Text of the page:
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From Daniel Fagerstrom <>
Subject Re: Splitting xconf files step 2: the sitemap
Date Thu, 06 Jan 2005 18:07:48 GMT
Reinhard Poetz wrote:

> Daniel Fagerstrom wrote: 


>>>  2.) ECM has to "ask" the BlockManager which blocks exist and 
>>> include all block
>>>      specific component declarations:
>>>      /WEB-INF/blocks/4711/block.xconf
>>>      /WEB-INF/blocks/4712/block.xconf
>>>      ...
>> This is natural to do based on the current "global" block component 
>> handling in Cocoon, where all block components are included in the 
>> global cocoon.xconf. The question is if we should continue in this 
>> way or not. An alternative way would be to only include components in 
>> the sitemap where it is used (and of course its subsitemaps). In that 
>> case the block.xconf can be found by using a "block config" protocol: 
>> "blockconfig:my-block" e.g. and included in the sitemap where the 
>> block is used using Sylvain's include mechanism.
>> Avoiding having globaly defined components as default might be an 
>> advantage as it decreases the risk that blocks collide on the other 
>> hand it might make it somewhat more complicated to use blocks as one 
>> have to decide where to include their components. I don't know, but 
>> now with the more flexible component configuration mechanism we at 
>> least have a choice.
> Sylvain and I had a discussion about this as well. Our conclusion was 
> that the block.xconf contains markers whether a component is global or 
> lokal. 

Makes sense to make it choosable, wouldn't it be even better to make it 
part of the deployment descriptor?

>> If we don't include block components at root level as default, the 
>> ECM doesn't have to ask anything.
>>>  3.) the sitemap processor "asks" the BlockManager where the 
>>> root-sitemaps of
>>>      all blocks can be found (configured in the block.xml - the main
>>>      configuration file of a block)
>>>      /WEB-INF/blocks/4711/sitemap.xmap
>>>      /WEB-INF/blocks/4712/myblocksitemap.xmap
>> Here we have a similar question: global mount at the root level or 
>> explicit where it is used.
>> We could mount block sitemaps using the "map:mount" construction 
>> togeher with the block protocol. An advantage with this is that it is 
>> a natural extension on what we already have, no need for any new 
>> concepts. A disadvantage is that it is far from obvious how to 
>> implement the link transformer that transforms from the block 
>> protocol to links.
> Another disadvantage: I want to deploy a block and this deployment 
> shouldn't require a change in the root sitemap. 

>> If we instead mount blocks at the root sitemap level, which is the 
>> current plan if I understand 
>> right, we get some 
>> advantages: The link transformer will be easier to implement, maybe 
>> it will be easier to use a block sitemap as you don't need to write a 
>> sitemap rule. But there are a number of questions about what it will 
>> mean to mount a block at the root level. What will happen if one 
>> block is mounted at "/foo" and one at "/foo/bar"? 
> First the list of all mounted block sitemaps is gone through. The 
> mount uri that fits best is called. 

Best match semantics is IMO good as you can see in my RT.

>> How should it be related to the rules in the root sitemap, are the 
>> mounts in the wireing used before or after the root sitemap?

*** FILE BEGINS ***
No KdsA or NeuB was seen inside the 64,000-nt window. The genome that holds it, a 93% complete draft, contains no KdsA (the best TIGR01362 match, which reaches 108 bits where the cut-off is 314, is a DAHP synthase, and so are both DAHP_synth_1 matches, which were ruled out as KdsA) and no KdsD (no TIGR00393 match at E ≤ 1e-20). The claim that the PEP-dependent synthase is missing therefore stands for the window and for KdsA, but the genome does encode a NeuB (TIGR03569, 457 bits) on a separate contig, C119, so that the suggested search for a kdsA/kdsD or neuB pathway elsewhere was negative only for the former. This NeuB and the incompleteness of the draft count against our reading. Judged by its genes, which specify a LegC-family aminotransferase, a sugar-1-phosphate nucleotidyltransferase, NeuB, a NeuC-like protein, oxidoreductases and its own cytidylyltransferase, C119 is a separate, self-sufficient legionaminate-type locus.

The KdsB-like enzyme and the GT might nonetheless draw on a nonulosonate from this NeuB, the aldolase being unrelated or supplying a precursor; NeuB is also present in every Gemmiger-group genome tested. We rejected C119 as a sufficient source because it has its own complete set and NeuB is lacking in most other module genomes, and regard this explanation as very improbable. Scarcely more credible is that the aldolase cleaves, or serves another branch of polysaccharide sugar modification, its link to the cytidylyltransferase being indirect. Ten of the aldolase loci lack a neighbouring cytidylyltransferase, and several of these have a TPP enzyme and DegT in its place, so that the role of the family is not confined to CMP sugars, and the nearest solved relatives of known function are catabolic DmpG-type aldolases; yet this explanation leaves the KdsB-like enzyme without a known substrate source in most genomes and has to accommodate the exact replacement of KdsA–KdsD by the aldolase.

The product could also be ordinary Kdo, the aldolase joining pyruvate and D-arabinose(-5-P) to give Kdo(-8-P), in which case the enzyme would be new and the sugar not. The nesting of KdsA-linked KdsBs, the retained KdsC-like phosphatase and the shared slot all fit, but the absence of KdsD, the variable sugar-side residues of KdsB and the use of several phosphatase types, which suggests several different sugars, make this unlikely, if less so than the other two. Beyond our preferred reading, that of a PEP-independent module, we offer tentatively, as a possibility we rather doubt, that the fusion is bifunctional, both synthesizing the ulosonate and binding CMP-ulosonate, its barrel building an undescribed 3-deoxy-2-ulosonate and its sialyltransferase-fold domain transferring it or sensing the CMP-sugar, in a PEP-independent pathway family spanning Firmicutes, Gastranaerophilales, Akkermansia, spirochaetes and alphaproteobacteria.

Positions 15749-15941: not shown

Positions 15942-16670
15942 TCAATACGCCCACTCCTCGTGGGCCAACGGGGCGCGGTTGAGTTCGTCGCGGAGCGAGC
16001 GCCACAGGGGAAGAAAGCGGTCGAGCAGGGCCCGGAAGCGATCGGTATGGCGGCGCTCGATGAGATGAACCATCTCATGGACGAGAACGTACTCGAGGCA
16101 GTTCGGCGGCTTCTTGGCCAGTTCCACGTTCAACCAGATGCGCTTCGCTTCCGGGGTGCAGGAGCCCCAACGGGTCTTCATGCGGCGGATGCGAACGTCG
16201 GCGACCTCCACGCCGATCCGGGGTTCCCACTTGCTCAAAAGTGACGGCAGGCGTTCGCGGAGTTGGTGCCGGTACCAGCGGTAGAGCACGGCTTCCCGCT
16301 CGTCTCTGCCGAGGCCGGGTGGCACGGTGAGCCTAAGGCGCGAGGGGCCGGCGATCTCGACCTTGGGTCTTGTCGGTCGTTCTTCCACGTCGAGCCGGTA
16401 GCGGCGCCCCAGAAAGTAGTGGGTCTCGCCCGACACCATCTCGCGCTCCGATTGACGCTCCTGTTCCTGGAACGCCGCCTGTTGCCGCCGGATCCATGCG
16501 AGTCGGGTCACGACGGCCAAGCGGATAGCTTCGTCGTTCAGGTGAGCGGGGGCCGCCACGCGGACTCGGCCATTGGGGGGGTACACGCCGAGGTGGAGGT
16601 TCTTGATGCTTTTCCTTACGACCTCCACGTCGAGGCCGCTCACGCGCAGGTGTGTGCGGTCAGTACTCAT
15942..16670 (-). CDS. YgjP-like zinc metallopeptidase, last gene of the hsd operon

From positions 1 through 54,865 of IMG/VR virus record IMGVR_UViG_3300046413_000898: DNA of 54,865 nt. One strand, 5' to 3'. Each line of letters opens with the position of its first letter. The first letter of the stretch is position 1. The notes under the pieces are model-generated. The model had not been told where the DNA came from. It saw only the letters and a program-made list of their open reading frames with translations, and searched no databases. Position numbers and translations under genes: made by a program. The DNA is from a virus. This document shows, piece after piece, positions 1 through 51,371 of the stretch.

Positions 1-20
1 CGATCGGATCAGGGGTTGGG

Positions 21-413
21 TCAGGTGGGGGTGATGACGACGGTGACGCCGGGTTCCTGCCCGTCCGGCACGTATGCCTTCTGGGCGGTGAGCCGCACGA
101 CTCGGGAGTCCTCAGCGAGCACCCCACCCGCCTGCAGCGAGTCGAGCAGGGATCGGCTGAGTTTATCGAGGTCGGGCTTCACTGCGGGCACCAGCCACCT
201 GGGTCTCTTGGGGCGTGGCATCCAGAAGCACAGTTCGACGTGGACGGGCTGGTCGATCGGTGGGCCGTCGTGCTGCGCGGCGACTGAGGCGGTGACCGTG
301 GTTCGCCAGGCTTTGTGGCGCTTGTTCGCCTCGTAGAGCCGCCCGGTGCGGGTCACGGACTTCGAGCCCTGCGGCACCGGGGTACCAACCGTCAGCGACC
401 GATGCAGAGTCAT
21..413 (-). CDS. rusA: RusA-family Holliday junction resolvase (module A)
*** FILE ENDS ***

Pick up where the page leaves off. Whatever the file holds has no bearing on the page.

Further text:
> before
> I think best practices will be a root sitemap without any pipeline and 
> one block that is mounted at "/". 

Sounds also reasonable. The sitemap mounting is part of deployment 
rather than block.xml I hope, so that blocks from different places not 
are going to kill each other.

>> What if I would like to mount a block in several places?.
> No concept for this but I'm not sure wheter we will really need it. 

I realized after I wrote the post that it probably don't make any sense 
for other people.

I have developed a way to use "polymorphic" sitemaps, that we make good 
use of in our webapps to reuse and extend common functionality. It 
doesn't require any extensions to Cocoon so I have forgoten to write 
about it. But it takes more than enough time to respond to my current 
RT, so I will not say anything more right now ;)

>> Part of the problem is that the sitemap is "non-declarative" in the 
>> sense that all matchers must be executed in order untill one matches 
>> before you know if a sitemap respond to a certain URL. While the 
>> BlockWiring mount is a little bit more declarative so that you can 
>> have a bidirectional mapping between the block protocol and 
>> "external" URLs. I think that it will confuse users to use both 
>> "declarative" and "procedural" mounts in the same application.
>> Personally I think that I prefer mounting both components and 
>> sitemaps from blocks in the application sitemaps that use them. 
> For me the strengh of the blocks concept is isolation. I deploy a 
> block into my application and get a set of "services" that can be used: 

I agree that the strengh is isolation. The reson for me to talk about 
locality is the case when you have a large webapp. The sub sitemaps can 
act as subapplications, and you might want to have them isolated from 
each other using different set of blocks. But I don't know if it is 

>  - public components
>  - pipelines
>  - flowscripts (needs some more thinking how we define the interfaces but
>    for me that's the even the most important service!)

I would assume that a (virtual) flowscript call should be very similar 
to a parametrized virtual pipeline (or maybe will they still be called 
resources?). The problem is the continuation handler. I would propose 
that the virtual flowscript definition must contain its continuation 
handler as well, otherwise the user of the flowscript must know block 
internal details about the continuation URL usage. Are there further 



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